General Mills sues yogurt rival Chobani over ad claim

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An advertising claim about Greek yogurt has a Minnesota company on a legal odyssey to squelch the commercial.

Twin Cities-based General Mills is suing Chobani over an ad it says makes false and misleading statements about Yoplait Greek 100 yogurt, which is made by General Mills.

Specifically, the Chobani ad claims the Yoplait brand contains a preservative that's "used to kill bugs."

The Business Journal's article about the complaint includes a copy of the lawsuit.

Here's the Chobani ad:

Is it true?

The preservative Chobani refers to is potassium sorbate, which has been declared safe by the Food and Drug Administration. It inhibits the growth of mold and yeast, so farmers do put it on crops. But General Mills says it's not used to kill insects.

The Fooducate blog says potassium sorbate is found naturally in some berries, although it's a synthetic version that is mass produced. has more background on it.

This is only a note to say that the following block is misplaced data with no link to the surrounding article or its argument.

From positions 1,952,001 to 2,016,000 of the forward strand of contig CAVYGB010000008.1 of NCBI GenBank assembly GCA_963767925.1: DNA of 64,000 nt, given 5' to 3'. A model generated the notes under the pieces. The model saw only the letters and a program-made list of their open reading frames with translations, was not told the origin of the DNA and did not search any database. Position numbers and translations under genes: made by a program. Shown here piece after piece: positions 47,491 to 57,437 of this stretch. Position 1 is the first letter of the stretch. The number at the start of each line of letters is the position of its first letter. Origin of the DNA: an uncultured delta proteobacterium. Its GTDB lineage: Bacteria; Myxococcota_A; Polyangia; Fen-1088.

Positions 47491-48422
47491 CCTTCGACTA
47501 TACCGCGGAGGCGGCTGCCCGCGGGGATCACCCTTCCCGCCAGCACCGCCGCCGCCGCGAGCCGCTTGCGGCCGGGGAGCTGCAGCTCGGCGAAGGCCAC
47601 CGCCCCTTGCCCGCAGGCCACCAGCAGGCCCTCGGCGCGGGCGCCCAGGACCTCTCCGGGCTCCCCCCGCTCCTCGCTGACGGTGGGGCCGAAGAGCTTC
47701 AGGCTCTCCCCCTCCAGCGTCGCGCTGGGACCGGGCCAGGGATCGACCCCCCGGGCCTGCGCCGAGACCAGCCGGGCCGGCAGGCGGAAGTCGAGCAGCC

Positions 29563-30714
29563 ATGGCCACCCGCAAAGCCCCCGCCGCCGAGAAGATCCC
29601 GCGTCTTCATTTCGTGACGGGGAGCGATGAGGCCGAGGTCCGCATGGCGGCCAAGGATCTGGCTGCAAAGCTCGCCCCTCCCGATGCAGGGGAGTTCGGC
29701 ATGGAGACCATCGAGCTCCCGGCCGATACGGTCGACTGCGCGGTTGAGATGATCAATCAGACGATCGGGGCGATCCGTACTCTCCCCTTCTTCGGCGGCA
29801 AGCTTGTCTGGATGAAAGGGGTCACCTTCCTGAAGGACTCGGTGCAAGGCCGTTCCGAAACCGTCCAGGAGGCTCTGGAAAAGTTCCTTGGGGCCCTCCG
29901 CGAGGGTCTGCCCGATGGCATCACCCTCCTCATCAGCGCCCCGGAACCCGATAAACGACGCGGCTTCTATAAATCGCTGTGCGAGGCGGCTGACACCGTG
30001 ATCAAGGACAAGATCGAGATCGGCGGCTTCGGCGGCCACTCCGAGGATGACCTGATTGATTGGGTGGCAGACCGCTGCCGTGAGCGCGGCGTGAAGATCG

Chobani's ad campaign includes a similar commercial that takes aim at Dannon for using an artificial sweetener in its yogurt.

Dannon takes exception to the ad's claim that "that stuff has chlorine added to it." NBC News reports the company said in a letter to Chobani last week it is ready to "pursue all available avenues" to force Chobani to pull the ad.

Chobani, however, says it's only telling the truth.

The Star Tribune reports Chobani's chief marketing and brand officer said in a statement "... I'm disappointed that Dannon and General Mills are focused on stopping people from having the facts about artificial sweeteners and artificial preservatives."

In its lawsuit, General Mills wants Chobani to stop running the ad and pay damages.

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